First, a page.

Friday, June 10, 2005

Power blackout in Dubai:: Gulf News

Thursday's power blackout in Dubai affected one million people; power began to be restored after four hours. Service to all customers was restored within eight hours.

Temperatures on the day were 41C (104F).

The equipment failure has been traced to a fault in a transmission substation. To protect a fault in one location from damaging equipment in other parts of an interconnected system, power systems are designed to shutdown surrounding equipment. In some conditions - such as when customer usage at the time is high - this can result in major blackouts. It takes time to bring the system back up, and it is done in stages. Thursday's outage in Dubai followed this classic pattern. Shutdowns are of course preferred to damaged equipment - both result in blackouts and the latter means a longer blackout.

Dubai's power system relies on natural gas turbines for power generation. Gas turbine generators are small in comparison to coal-fired generators or nuclear generators. Also, in comparison to coal or nuclear, they can be turned on and off easily. These are features that happen to simplify the problem of bringing a power system back up following an extensive outage in the system such as occurred in Dubai yesterday.

Power systems are interconnected by a transmission grid. The purpose of interconnection is to lower cost of generation and to enhance reliability. Imagine a system where each neighborhood had its own generator and neighborhoods were not interconnected. First, it would not take advantage of the likely possibility that one larger generator shared by two neighborhoods would have cost advantages. Second, if a generator fails in one neighborhood, your fellow neighborhoods cannot lend a hand by generating more power and transmitting it to you.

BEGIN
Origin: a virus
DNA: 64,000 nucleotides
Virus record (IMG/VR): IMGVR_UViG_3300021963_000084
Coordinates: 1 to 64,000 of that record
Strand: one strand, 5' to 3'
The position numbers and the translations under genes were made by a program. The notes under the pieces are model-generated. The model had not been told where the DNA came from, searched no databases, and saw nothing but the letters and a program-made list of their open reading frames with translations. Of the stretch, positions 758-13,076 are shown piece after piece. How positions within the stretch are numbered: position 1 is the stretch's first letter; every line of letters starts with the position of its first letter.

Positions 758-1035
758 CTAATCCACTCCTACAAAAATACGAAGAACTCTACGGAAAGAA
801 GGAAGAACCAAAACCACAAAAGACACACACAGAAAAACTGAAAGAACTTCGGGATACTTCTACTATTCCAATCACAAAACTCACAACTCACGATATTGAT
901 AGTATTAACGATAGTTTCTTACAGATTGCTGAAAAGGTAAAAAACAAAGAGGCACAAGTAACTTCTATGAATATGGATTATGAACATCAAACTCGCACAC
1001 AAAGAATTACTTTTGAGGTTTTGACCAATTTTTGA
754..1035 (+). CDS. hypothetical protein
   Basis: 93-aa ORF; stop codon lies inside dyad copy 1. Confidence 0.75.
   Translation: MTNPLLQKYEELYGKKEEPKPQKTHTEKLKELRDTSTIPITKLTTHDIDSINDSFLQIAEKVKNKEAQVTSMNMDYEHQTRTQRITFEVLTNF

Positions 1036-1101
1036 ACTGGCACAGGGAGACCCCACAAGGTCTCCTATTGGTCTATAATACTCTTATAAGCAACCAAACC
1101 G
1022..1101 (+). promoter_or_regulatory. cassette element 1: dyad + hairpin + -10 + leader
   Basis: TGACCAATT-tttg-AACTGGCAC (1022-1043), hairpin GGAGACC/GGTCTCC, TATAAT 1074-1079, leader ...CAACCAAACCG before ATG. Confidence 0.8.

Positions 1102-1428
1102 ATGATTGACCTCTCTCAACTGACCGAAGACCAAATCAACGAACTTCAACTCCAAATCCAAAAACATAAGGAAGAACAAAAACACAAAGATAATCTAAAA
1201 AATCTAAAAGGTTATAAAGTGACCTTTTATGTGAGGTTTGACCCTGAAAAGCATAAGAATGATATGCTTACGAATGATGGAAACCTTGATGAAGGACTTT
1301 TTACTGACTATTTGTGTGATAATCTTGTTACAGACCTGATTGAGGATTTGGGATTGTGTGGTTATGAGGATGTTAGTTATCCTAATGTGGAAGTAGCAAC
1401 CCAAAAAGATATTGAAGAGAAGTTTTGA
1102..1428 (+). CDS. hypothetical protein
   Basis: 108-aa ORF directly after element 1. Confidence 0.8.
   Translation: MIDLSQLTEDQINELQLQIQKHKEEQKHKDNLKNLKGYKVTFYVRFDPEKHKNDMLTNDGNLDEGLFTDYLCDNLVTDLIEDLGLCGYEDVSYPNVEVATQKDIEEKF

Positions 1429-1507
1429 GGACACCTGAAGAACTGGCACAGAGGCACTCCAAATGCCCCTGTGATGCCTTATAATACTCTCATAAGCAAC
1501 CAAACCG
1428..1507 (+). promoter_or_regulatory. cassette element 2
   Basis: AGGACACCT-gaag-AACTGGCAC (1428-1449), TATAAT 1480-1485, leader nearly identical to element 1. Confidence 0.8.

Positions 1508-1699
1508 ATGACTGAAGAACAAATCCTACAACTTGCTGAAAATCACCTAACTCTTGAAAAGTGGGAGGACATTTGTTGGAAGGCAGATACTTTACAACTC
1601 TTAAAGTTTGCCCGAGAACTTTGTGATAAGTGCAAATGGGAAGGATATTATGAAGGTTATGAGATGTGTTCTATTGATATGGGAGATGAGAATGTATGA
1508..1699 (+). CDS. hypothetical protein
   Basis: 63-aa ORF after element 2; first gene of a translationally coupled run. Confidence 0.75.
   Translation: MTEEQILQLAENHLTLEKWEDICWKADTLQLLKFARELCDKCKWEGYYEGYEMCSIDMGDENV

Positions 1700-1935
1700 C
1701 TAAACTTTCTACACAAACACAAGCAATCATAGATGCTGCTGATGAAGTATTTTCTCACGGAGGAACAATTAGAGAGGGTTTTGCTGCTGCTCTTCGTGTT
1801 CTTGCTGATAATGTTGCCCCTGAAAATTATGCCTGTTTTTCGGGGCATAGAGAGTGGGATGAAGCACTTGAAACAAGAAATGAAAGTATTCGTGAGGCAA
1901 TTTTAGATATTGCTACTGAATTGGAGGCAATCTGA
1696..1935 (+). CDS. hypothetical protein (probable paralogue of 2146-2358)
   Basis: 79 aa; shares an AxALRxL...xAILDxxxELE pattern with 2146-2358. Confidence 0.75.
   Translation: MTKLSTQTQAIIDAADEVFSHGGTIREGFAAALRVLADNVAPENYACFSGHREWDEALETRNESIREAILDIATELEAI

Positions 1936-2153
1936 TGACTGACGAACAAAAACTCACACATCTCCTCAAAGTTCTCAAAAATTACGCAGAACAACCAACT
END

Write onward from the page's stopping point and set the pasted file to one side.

Under most conditions, interconnection is your friend. But under some conditions - like those that occurred in Dubai on Thursday - a failure in one part of the system is transmitted to the rest of the system.

When technicians study a major power outage they identify the state of the system at the time of the outage. How heavy was demand? Was it particularly heavy in one area? Were some parts of the system - transmission or generation - offline at the time of the fault? Answers to these questions lead to recommendations for physical changes in the system and for changes in operating procedures.

Sharjah City, which shares a long border with Dubai City, was not affected by the blackout. This suggests that the Sharjah and Dubai systems are not interconnected, or if they are the interconnection is limited. What if they had been interconnected; what would have happened? There are two basic possibilities. One is that the blackout would have spilled over into Sharjah's system. The other is that the Sharjah system could have helped Dubai's system and limited the extent of the blackout. We observed here that Sharjah's system has been operating at or near capacity for several months; under these conditions Sharjah had no power to share and interconnection likely would have led to a wider blackout, not a smaller one.

I suspect there are political reasons why the Sharjah and Dubai systems are isolated from each other.

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